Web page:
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Under the Statue, Luxembourg Gardens

Impression: Whistler Etchings Project
Whistler Etchings Project
Number: 464
Date: 1892/1894
Medium: etching
Size: 162 x 124 mm
Signed: butterfly at upper left
Inscribed: no
Set/Publication: no
No. of States: 1
Known impressions: 1
Catalogues: K.-; M.-; T.-; W.-
Impressions taken from this plate  (1)


park, people, statue, tree, woman seated.


Whistler's original title is not known. This is the only recorded title:

'Under the Statue, Luxembourg Gardens' (1903/1935, possibly Rosalind Birnie Philip (1873-1958)). 2

The title may have had Whistler's approval because Miss Birnie Philip sorted his copper plates at his request in 1901. 3 However, it might have been written later, when the plates were sorted after Whistler's death in 1903, or when they were given to the University of Glasgow in 1935.

The subject and title are similar to two lithographs, Conversation under the Statue, Luxembourg Gardens c069 and The Statue, Luxembourg Gardens c095, and a drawing, Statue in Luxembourg Gardens m1400.

2: Envelope containing copper plate, Hunterian Art Gallery.

3: Whistler to R.B. Philip, 27 January [1901], GUW #04787.


In the centre, two women sit in front of a plinth on which is a tall, columnar statue of a draped woman with bent head. To right is another plinth, with a chair in front, and to left, two women are seated beside a stone wall with urns on it. Behind these there are trees in full leaf.


The woman facing the viewer (and the artist) at lower right of the plinth resembles Beatrice Whistler (1857-1896), as seen in the lithograph Beatrix Whistler c080, which may have been drawn in 1893, but which - like this etching - was not printed in Whistler's lifetime.


The Luxembourg Gardens (Jardin du Luxembourg) is a large public park in the 6th arrondissement of Paris, France. It was not far from Whistler's house at 110 rue du Bac.

The statues represented by Whistler include a bowl supported by putti (cherubs), and the statue of Marie de Medici (for whom the Palais du Luxembourg was built). 4

Whistler made several more etchings of the gardens, The Band, Luxembourg Gardens 466, and Polichinelle, Jardin du Luxembourg 467.

4: Charles Zito and Claude Mary, Le Guide du jardin du Luxembourg, Lyons, 1994, pp. 42-3, 48-52 , 59-63. See also Sénat official website at visite/ jardin/statues.html (accessed 2011).

Etching: c_E18_01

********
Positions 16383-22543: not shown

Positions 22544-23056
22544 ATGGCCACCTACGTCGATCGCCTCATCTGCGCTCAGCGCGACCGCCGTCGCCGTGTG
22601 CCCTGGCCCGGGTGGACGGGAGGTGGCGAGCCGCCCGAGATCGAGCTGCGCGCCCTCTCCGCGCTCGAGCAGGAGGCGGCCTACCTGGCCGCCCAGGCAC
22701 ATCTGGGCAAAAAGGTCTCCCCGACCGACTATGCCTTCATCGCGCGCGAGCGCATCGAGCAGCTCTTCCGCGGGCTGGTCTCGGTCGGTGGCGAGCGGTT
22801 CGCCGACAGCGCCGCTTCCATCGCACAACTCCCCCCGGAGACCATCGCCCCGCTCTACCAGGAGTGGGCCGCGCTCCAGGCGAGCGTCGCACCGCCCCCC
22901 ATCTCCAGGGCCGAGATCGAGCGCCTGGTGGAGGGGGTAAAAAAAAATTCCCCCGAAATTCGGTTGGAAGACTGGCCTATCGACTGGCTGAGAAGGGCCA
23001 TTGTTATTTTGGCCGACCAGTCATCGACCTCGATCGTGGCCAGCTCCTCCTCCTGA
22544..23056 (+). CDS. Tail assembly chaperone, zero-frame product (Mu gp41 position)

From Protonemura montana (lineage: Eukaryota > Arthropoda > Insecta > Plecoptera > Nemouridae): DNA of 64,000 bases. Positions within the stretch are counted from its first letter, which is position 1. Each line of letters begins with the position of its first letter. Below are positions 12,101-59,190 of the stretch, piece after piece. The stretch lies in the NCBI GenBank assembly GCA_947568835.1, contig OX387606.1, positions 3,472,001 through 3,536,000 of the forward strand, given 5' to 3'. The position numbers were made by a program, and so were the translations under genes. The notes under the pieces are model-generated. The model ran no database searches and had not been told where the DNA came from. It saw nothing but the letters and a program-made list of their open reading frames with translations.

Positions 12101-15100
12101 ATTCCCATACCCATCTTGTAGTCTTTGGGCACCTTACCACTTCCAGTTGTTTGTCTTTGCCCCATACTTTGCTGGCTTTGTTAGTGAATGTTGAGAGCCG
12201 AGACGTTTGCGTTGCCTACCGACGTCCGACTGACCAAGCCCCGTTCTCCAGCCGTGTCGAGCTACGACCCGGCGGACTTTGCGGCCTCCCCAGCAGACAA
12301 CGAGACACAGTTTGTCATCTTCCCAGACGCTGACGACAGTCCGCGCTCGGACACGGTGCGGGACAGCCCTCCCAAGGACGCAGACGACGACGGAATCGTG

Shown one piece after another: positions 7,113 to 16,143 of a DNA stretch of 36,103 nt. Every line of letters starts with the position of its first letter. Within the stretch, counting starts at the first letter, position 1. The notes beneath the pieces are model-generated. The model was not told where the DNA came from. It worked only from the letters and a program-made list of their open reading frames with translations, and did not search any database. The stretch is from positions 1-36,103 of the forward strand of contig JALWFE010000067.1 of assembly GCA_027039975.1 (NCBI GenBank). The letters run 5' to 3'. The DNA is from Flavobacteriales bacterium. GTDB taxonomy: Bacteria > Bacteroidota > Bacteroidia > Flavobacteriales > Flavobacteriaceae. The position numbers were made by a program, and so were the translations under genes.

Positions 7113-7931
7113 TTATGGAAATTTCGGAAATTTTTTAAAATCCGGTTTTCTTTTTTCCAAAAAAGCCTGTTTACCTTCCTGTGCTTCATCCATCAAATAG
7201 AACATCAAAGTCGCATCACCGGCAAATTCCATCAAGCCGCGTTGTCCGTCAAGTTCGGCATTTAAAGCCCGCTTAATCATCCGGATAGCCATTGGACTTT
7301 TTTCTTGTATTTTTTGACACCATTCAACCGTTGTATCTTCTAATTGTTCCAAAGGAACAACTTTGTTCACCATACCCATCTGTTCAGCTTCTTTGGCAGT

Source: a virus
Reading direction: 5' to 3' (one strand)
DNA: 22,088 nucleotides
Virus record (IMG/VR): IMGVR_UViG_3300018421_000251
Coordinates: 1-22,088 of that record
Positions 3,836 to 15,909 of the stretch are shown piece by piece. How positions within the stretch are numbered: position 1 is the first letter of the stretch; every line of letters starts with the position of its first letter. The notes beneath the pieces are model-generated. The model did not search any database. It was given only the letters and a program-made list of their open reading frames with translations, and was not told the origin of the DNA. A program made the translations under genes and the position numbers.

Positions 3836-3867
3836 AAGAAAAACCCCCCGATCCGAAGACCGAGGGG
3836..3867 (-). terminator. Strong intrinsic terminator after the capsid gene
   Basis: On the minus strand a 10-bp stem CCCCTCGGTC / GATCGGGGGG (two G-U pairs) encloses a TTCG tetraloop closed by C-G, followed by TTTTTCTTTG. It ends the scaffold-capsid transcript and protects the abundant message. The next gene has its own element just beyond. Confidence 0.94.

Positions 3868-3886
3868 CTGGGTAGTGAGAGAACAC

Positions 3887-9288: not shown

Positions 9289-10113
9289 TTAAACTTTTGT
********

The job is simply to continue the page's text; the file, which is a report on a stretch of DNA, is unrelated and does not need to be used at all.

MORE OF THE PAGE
He also drew three lithographs there, possibly in October 1893, including The Steps, Luxembourg c068, reproduced above, Conversation under the Statue, Luxembourg Gardens c069 (below) and The Pantheon, from the terrace of the Luxembourg Gardens c070. He sent these to T. R. Way in November, complaining, 'The three little Luxembourg gardens I could have done more with under better conditions - ' 5 The lithographs show some leaves still on the trees, and it was warm enough for woman to sit out in the park without their winter furs and coats.

The September average temperature in Paris in 1893 was 14.8 degrees, and in October, 10.9 degrees, but November was colder (a low of 4.10 degrees, with a maximum of 15.7 degrees). 6

5: Whistler to T. R. Way, [15 November 1893], GUW #03348.

6: Weather websites: klima/tparisl.html and PARIStxx.html (acc. 2011).

Etching: c_E18_02
Whistler followed up with Nursemaids: 'Les Bonnes du Luxembourg' c081 and The Terrace, Luxembourg c087 in 1894. In addition he made two drawings on lithographic paper that were not transferred to stone and printed, Seated woman in Luxembourg Gardens m1401 and Statue in Luxembourg Gardens m1400. 7

7: Whistler to T. R. Way, [19 July 1894], GUW #03376.


A number of Luxembourg studies, both in etching and lithography, were never printed during Whistler's lifetime. One lithograph, The Statue, Luxembourg Gardens c095, was printed by Frederick Goulding (1842-1909) after Whistler's death. One possibility is that Whistler could not find a suitable printer, or assistance in printing.

His wife, Beatrice was deeply interested in gardens, designing trellises for their garden and gaining ideas from Paris gardens. 8 They both delighted in the formal gardens of the Luxembourg. In October 1895, Whistler wrote from Paris to his wife, about a book they had bought:

8: B. Whistler, Designs for a trellis for 86 rue Notre Dame des Champs, Paris, 1892/1894, watercolour, Hunterian Art Gallery, GLAHA 46574.

'that most foolish book on Paris gardens - you remember the dreadful person said the beautiful orange boxes of the Tuilleries & the Luxembourg were ugly - and that statues should not be in gardens - because they didn't grow there! -' 9
One reason for Whistler's failure to complete work was the deteriorating state of his wife's health. By November 1894 Beatrice Whistler was ill, and the Whistlers left Paris to seek medical advice in London. She had organised the studio contents and helped to print and sell etchings, and without her management, Whistler's print-making suffered. Whistler was emotionally scarred by Beatrice's death in 1896, and was unable to print images closely associated with her. He also spent far less time in Paris although he kept the house and studio until 1901.